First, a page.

Attempts to prevent Moscow from paying its foreign debt may undermine the Western financial system
Western media is reporting that Russia is facing a default on its foreign debt for the first time since 1918. Moscow was forced to make interest payments on bonds in rubles after Washington blocked dollar payments.
Moscow has rejected the assertions and has accused Washington of trying to engineer an artificial default, explaining that the country is willing and able to service its foreign debt. The transition to ruble payments does not imply a debt default, Finance Minister Anton Siluanov has stressed.
Under a new payment mechanism, which was recently announced and signed into law by President Vladimir Putin, Moscow considers its obligations completed "if they are fulfilled in rubles in an amount equivalent to the value of obligations in foreign currency" at the exchange rate on the day the funds are transferred to the central depository (NSD), through which they will be paid to creditors.
In May, the US ended a bond payment waiver that had allowed Moscow to service its debt in dollars. The Russian Finance Ministry subsequently said that, in order to defend its reputation as a reliable borrower, Russia would service its Eurobond obligations in the national currency, the ruble, if it were unable to pay in foreign currency.
Countries in default cannot borrow money cheaply through international financial institutions because they are considered a risk.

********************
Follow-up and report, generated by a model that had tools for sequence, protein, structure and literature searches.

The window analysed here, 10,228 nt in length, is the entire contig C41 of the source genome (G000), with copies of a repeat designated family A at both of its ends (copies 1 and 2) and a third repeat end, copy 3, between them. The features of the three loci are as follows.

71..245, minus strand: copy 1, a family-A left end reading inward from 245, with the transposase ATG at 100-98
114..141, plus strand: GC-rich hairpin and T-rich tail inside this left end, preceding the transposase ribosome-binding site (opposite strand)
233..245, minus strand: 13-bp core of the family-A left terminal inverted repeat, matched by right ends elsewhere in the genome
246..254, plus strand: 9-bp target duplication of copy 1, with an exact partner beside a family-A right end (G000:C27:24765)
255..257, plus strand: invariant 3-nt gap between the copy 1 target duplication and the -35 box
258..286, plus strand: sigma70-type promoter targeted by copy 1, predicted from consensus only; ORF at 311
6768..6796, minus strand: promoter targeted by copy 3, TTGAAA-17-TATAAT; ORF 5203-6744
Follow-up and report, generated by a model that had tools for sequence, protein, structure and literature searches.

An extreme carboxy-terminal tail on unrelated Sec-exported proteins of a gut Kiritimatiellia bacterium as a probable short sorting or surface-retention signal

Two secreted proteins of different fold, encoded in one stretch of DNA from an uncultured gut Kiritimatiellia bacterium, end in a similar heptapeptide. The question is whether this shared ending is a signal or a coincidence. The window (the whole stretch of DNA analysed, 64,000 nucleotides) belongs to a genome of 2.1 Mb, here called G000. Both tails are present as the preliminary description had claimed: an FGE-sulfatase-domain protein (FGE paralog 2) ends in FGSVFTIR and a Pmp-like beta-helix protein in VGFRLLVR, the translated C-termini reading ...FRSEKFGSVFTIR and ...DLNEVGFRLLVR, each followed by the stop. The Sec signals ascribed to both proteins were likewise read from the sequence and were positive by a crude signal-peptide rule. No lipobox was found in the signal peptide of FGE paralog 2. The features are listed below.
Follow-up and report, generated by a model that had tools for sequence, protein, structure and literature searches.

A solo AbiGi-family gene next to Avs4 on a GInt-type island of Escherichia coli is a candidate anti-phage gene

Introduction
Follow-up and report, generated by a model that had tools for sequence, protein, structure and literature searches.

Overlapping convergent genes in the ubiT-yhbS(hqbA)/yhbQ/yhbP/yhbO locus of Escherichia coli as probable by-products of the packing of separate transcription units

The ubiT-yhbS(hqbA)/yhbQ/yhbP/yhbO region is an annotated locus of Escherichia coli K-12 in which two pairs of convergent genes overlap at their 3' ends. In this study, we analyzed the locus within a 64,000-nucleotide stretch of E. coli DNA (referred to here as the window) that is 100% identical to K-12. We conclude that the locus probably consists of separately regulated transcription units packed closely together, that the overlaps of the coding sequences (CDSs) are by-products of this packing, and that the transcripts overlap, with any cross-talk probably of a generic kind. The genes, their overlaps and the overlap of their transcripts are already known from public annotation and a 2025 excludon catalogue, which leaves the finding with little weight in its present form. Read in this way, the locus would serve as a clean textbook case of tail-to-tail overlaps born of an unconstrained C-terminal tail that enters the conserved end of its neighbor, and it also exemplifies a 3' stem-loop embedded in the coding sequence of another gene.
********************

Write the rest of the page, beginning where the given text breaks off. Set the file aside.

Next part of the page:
There is no reason for Moscow to issue bonds. The country runs a low debt of around 16% of GDP, because it traditionally doesn't rely heavily on borrowing. In comparison, most Western countries run debts close or well over to 100% of their GDP.
In terms of the Western financial system, it doesn't matter. Sanctions make it impossible for Russia to trade as it used to. Most Western companies have pulled out and borrowing money from Western financial institutions is not possible. This makes Russia's credit rating in the West meaningless.
However, investment analysts acknowledge that holders of Russian bonds could take serious losses as a result of Western actions and file lawsuits against the US government, which prevented Russia's dollar payments. Moscow points out that attempts to push Russia into default only undermines the reputation of the Western financial system.
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